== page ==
"I should have known you were a creature of evil when you were here the other day," the Baron cried. "Now my trusted advisor has informed me that you are an abomination as well, that you change into hideous beasts. I know you have ensorcelled the peasants because they have been at my door all day demanding that I let you go."
The advisor looked over with a wicked smile. "Unfortunately for us a couple of girls saw you being taken and ran to their meddling sister, but it is of no consequence. I know the blow on the head will prevent you from changing and a quick fall from the tower here will stop you forever."
"That is murder," the man said softly.
"So what? No one will mourn the likes of you," and with a gesture from the advisor the guards grabbed the man and pulled him towards the door to the balcony. The man tried to struggle but a quick blow to the back of the head sent his senses reeling. He could feel the blood start to flow from his neck and down his back as the wound reopened.
On the balcony the man could hear the sound of the crowd below banging on the door and calling the Baron's name. The Baron looked very miserable. He gestured to the guards to throw the man over the side.
Everyone turned to look at Lisa standing in the doorway.
"Sweetheart go inside. This doesn't concern you." The Baron went to his daughter and gently took her arm.
Angrily the girl pulled away. "Let me go and let him go. Now!"
The girl and her father stared at each other. The Baron's advisor sidled up to him and glared at the girl. "Send her away sire. She is a mere child and has no business here."
"You are the cause of all this" Lisa said glaring at the advisor. "Father, listen to me, this man has deceived you. The factory is poisoning the water. Everything it touches is dying. You must do as the wanderer says. Father, you are killing people."
"The girl is overwrought sire," the advisor oozed, "perhaps you should send for her maid and put her to bed."
"Overwrought am I? Well we shall see. You maintain that the water is safe? Right?" She pulled a flask of sapphire liquid from her pocket. "Recognize this father? This is the result after the water has been through your factory. So if everything is all right I should be able to drink this with no ill effects." She raised the flask to her lips.
"No," the man cried and tried to reach her. The guard slammed a fist into the man's stomach leaving him doubled over in pain. "Lisa, it is poison, it will kill you! Sir if you love her don't let her drink it."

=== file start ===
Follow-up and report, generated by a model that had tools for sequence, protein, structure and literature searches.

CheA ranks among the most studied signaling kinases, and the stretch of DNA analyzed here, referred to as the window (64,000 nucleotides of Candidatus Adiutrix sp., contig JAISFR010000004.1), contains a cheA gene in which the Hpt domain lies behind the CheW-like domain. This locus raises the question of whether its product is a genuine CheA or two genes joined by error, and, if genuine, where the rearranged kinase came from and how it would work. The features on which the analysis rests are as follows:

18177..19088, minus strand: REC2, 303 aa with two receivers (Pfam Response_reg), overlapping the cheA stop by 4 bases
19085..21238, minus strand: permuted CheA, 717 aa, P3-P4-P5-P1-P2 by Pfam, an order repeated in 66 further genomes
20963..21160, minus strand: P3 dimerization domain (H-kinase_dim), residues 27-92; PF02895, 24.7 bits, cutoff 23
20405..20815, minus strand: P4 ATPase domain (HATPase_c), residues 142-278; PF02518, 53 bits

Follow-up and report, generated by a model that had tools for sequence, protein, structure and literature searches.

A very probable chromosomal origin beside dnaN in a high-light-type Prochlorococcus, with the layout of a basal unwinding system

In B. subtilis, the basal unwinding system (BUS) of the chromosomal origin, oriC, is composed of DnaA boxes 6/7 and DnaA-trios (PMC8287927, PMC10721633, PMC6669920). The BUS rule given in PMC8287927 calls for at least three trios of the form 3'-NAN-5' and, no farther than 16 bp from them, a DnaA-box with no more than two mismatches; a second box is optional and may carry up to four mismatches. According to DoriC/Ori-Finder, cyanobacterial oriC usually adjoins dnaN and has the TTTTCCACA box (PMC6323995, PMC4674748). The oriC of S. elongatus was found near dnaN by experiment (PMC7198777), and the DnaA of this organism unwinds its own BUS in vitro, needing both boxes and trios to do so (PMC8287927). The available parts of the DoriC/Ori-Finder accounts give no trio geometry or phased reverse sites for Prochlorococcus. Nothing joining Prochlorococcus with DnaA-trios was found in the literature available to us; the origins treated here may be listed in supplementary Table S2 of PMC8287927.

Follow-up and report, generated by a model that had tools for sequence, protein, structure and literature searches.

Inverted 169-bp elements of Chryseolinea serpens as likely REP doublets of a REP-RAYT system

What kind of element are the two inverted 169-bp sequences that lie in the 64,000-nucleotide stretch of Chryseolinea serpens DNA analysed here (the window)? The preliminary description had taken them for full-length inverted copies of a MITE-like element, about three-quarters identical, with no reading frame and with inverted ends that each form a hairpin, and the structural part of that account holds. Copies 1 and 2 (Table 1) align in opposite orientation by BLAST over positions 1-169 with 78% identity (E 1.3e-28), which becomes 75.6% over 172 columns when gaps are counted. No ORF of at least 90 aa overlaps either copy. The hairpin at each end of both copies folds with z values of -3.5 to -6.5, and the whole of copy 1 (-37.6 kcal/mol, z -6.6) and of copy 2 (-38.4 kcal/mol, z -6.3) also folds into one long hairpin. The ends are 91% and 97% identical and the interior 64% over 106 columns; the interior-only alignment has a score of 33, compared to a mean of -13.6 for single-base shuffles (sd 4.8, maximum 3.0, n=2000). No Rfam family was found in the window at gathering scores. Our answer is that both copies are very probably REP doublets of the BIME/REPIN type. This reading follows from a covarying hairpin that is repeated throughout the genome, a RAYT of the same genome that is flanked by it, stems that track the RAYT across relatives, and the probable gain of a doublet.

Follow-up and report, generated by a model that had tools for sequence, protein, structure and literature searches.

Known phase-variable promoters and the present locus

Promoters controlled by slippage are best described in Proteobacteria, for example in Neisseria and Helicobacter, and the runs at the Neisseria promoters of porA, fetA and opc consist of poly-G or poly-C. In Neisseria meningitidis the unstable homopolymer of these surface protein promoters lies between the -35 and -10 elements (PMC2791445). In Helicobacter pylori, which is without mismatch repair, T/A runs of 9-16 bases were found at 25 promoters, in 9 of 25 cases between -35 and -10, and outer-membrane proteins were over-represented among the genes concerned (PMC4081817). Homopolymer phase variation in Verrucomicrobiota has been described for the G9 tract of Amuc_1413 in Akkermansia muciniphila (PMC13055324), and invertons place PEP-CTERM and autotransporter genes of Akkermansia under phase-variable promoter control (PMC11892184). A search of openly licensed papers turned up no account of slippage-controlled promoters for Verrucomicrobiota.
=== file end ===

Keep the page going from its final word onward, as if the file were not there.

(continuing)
The Baron looked from his daughter, to the man, to the silent advisor.
"Lisa don't," the Baron said softly.
"You will let him go and you will stop the production of the jewels until the water purifiers are installed. If you don't I will drink this water and then you will see first hand what your factory is producing," Lisa demanded.
Just then a sound of leathery wings was heard over the balcony. Screams of terror were heard from below as a large shape spiraled down and landed on the edge of the balcony. The dragon sat there looking at the assembled. Sitting on his neck was Arial.
"We have come to take you back to Dragon's Hill," Arial said. " When my sisters told me of your capture they described the uniforms the men were wearing. I recognized the Baron's colors right away. We have been circling for hours trying to figure out how to get in and rescue you."
Lisa and Arial looked at each other across the balcony. After sizing each other up for a few moments, they both smiled at the same time.
Lisa gave a salute towards Arial. "You take our big friend back to safety. And I will make sure my father starts listening to some good advice for a change." Glaring at the advisor she continued, "I see no need for me to go back to school at this time. I believe that I can do much more good here keeping an eye on things and on certain people. Right father?"
The Baron was standing with his back to the wall staring at the dragon in silent terror.
"Don't worry Baron," Arial said softly, "I can control this dragon with this amulet."
"But," Lisa started to say.
Arial put a finger to her lips and shushed her.
"Right," Lisa said with a smile.
Lisa went and helped the man onto the dragon's back. "Take care of him."
It took close to a month for the man's neck to heal and the pounding in his head to stop. In that time everyone seemed to be busy but him. Arial had insisted that he and the dragon rest after their ordeals and would cotton no arguments from either of them. The two spent many hours talking silently to each other about the places they'd been and the things and people they'd seen.
The villagers cleared the stream and the factory was supplied with the water that the Baron needed to make his jewels. The Baron for his part put the water purifiers in that his daughter demanded. Lisa decided to take her place as her father's advisor and dismissed the oily little man that she had never liked in the first place.
Sean leaned back and looked at the youngster on his lap. "So ye see wee one, things were not what they seemed. The dragon were not a maiden eatin' monster. The Baron were really a good man gettin' bad advice. The Baron's daughter were really a bright lass who cared for the common people and had great courage. Arial were right about the water bein' poisonous and now the people knew to listen to her. After all someone who could control a dragon had to be pretty smart, eh?"
With a grin Sean placed the child on the floor. "Now ye run along and play quiet like."
The big man got up and started walking back towards the bar when he spotted something sparkling on the floor.
"Ah, Missy's bracelet. I'll have to fix the clasp before she loses it for good."
The child watched as Sean bent over to pick up the bracelet. His eyes widened as he saw the man's hair fall forward to reveal an old jagged scar along the base of his neck.